If the role of the local government organizations on affecting regional economic and social development is not an obvious one, it should be.
We rarely stop to consider precisely what the region is and how the jurisdictions came to be and why (even though it’s a good way to get community buy-in). Who would have thought that when, post-expulsion, Acadia’s Chipoudie gave way to Hopewell Township of the colony of Nova Scotia, it would set the landscape for future LSDs? Jurisdictional boundaries often get drawn using existing lines. But lines can change and Daniel Goguen, Local Services Manager, is more than willing to discuss restructuring.
The Hopewell Township eventually gave way to a civil parish within county system, a regional form of local government organization. At first, Hopewell parish encompassed the same area as the Township; North of the Cape where the Petitcodiac River begins, Westerly to Blackwood Lk., then South to Hebron and along the coastline back to the mouth of the Petitcodiac. (Saint John County had initially abutted the Hopewell Township boundary at Hebron where the Alma and Harvey boundary currently lays, and not until later did our region include current Alma Parish). Later, the multitude of Hopewell place names would cause confusion.
An updated “Our New Brunswick Story” school text would include the modernization of local government that was built around centralized service provision and the creation of many, small, municipalities and administrative units called Local Service Districts we currently abide by. It is one of our many uniquenesses. And while the County serves marginal purpose in the public organizational landscape, it remains the vessel for a considerable part of our motivation.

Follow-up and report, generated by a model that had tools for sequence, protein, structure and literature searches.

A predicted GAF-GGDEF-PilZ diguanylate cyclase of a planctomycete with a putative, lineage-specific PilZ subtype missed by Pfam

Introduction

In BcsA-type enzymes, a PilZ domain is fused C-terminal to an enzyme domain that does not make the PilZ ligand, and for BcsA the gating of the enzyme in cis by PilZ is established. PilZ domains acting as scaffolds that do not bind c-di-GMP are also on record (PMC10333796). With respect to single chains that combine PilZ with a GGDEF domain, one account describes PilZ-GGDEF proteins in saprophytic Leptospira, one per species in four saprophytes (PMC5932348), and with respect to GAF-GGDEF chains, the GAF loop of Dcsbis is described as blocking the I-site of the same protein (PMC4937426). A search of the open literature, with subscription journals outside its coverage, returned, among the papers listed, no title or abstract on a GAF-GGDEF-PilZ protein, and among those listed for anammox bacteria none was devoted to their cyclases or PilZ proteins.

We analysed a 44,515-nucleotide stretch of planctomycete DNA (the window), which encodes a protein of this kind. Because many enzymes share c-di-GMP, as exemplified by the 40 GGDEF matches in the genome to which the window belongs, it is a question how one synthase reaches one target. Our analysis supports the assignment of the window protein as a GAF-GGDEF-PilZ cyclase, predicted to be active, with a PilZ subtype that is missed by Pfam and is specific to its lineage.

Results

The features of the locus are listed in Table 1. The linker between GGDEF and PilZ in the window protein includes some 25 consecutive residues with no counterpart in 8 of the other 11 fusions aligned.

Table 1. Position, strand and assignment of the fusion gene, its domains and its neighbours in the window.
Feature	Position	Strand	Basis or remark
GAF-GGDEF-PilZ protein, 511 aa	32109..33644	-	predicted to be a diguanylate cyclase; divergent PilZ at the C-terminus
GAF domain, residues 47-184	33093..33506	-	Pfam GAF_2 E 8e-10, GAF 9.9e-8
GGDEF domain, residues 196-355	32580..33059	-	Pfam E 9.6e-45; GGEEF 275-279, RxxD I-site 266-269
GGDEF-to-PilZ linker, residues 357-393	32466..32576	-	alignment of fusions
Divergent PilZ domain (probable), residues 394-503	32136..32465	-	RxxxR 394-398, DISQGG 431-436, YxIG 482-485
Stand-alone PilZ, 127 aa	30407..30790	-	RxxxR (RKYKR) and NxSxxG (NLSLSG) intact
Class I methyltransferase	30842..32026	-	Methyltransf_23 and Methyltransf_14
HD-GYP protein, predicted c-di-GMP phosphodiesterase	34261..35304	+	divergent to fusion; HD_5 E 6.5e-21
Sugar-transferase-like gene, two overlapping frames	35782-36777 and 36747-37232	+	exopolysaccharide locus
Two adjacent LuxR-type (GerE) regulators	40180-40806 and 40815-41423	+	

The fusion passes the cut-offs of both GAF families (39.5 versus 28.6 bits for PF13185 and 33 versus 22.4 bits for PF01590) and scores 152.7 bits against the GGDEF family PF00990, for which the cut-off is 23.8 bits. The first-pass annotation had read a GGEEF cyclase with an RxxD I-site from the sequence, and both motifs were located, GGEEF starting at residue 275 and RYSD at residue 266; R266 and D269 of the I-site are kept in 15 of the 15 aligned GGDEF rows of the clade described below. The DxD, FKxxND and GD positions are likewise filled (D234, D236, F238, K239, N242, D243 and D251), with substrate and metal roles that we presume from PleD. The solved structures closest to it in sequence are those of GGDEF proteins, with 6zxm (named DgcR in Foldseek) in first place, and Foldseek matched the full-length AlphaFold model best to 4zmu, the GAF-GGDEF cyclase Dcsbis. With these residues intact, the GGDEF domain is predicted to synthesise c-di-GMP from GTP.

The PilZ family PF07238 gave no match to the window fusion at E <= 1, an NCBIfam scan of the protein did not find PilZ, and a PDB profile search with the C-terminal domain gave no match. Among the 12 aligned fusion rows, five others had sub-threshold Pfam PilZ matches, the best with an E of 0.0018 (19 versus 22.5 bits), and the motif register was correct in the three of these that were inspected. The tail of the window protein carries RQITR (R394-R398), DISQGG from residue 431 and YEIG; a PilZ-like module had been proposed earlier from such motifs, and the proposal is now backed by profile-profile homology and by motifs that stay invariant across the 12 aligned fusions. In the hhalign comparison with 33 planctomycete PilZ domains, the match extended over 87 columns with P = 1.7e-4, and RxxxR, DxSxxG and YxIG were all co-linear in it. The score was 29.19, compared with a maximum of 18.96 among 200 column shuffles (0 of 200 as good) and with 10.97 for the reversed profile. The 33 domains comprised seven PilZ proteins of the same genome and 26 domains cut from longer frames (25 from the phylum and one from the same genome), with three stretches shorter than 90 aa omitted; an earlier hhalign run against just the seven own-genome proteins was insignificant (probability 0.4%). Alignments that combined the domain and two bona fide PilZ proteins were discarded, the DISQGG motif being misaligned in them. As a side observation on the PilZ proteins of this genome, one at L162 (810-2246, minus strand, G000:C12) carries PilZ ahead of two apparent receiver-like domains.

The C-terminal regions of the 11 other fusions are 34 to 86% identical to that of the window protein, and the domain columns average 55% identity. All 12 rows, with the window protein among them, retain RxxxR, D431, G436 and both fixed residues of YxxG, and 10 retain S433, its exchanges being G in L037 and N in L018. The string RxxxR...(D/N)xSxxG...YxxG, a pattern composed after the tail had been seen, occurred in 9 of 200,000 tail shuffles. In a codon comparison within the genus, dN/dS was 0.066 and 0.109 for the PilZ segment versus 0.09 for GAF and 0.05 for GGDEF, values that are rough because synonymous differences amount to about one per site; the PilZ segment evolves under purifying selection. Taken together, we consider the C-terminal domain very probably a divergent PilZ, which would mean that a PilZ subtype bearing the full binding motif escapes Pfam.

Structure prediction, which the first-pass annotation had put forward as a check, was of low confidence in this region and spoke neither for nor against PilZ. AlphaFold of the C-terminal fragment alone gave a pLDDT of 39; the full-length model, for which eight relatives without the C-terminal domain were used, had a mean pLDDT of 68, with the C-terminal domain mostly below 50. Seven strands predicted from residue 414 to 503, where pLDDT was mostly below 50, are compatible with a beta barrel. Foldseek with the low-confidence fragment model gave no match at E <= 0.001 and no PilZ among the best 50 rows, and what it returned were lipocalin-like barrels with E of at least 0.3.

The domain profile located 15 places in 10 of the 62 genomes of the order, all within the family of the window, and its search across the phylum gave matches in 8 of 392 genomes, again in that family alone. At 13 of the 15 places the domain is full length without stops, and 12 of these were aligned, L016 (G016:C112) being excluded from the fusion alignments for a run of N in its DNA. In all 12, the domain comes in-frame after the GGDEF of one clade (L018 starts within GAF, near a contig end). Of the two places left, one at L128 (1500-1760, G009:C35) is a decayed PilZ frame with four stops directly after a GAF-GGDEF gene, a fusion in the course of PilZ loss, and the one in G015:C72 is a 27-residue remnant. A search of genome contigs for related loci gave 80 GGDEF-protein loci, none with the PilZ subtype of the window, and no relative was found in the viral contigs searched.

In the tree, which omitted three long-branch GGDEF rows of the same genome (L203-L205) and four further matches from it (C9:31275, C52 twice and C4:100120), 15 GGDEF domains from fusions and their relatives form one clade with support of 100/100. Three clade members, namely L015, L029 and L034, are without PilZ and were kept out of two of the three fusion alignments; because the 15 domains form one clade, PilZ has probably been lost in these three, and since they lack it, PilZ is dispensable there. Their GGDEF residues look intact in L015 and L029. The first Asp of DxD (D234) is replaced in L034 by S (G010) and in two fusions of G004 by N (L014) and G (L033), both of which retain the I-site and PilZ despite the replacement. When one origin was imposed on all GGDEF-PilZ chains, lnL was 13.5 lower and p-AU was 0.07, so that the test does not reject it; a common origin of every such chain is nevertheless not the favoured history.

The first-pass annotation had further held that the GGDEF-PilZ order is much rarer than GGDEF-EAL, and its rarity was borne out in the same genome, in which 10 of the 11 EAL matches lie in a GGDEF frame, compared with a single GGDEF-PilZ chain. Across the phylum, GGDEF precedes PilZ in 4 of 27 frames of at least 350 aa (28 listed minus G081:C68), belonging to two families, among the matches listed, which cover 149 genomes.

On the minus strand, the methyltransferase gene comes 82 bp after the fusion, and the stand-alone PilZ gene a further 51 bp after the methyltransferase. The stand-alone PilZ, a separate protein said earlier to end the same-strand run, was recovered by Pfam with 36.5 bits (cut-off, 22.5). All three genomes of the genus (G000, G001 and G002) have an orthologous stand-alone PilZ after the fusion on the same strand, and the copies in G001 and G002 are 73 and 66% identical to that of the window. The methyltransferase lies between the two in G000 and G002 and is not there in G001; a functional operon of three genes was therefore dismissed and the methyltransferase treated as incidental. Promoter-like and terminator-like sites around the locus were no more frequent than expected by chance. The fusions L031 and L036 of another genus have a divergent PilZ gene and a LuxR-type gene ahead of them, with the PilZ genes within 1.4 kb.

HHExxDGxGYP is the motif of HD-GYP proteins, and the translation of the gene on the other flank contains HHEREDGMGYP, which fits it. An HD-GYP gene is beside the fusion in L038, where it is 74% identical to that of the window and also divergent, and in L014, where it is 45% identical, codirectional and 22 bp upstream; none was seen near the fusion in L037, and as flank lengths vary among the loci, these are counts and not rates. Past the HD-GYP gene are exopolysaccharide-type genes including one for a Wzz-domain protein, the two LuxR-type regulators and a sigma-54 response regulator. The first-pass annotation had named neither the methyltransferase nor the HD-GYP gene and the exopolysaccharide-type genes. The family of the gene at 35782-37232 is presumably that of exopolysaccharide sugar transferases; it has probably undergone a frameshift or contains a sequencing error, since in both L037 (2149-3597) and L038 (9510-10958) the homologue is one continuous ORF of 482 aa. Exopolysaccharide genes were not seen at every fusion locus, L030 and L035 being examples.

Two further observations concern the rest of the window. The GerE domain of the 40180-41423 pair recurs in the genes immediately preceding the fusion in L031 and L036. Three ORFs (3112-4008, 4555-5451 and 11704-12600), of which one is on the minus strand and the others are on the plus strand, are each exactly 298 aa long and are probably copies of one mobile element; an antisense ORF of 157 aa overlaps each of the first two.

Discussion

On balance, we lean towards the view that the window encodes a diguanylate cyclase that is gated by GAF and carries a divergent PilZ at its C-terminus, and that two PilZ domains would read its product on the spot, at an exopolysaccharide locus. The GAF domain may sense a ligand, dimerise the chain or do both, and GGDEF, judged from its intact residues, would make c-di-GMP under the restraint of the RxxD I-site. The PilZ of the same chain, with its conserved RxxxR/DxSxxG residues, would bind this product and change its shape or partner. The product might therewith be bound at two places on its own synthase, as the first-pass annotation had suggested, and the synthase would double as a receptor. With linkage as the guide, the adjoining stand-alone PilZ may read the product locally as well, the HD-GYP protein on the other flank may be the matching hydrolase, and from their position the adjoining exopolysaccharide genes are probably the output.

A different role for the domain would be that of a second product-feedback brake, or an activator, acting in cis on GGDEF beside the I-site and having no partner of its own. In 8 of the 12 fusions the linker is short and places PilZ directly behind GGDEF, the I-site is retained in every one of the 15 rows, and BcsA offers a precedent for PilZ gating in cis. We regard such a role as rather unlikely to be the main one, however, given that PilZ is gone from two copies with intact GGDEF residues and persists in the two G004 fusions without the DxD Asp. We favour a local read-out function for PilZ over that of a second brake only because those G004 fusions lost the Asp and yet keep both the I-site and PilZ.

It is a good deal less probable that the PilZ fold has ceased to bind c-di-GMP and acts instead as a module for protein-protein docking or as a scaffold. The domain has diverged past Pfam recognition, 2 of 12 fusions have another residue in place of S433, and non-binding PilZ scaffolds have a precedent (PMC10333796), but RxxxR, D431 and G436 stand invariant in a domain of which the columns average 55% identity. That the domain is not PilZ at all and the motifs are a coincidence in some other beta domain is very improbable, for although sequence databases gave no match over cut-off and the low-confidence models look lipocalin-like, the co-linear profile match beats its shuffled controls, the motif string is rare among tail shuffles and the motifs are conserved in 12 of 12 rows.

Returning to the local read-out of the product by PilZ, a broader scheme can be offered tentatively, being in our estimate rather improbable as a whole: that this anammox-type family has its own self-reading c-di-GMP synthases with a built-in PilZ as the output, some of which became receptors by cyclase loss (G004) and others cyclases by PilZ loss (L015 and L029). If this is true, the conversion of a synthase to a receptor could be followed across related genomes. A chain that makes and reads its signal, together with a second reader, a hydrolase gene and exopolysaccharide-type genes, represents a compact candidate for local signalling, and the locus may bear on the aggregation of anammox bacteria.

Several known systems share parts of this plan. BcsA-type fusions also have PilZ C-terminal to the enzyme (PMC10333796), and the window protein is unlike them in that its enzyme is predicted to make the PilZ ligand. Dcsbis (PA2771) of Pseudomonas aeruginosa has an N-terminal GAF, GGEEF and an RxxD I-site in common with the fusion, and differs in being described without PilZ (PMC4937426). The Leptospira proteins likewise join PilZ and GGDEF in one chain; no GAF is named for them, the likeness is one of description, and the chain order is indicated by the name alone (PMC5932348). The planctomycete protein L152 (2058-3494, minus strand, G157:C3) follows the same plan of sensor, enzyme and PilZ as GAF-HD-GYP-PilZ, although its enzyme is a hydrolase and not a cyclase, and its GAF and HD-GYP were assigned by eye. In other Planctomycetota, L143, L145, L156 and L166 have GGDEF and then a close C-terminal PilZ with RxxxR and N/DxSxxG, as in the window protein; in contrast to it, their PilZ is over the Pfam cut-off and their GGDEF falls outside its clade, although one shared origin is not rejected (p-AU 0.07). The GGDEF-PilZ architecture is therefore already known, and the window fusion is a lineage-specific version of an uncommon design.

It’s apparent when looking at Albert County communities that, celebrated and advancing with the good work of those diligently seeking their sustainability, and of the efforts of collaborating
organizations coalescing, we’re on a roll. Are the official public avenues acknowledged? Some find this landscape confusing or worse, and perhaps cannot be blamed for it. Still, the value of participating in the unincorporated official process might gain value when seen regionally.
FYI, local government elections can populate both municipal councils and LSD advisory committees, although by different processes. Additionally, a “yea” or “nay” question may be put forward to voters alongside a municipal ballot if a big decision needs voter direction. Then there are the education and health boards. But only those elected to municipal councils and LSD committees can become commissioners of the regional services board, the RSC.
Vernon Woolsey is a CCRC board member who studied community design at Dalhousie University’s School of Architecture and Planning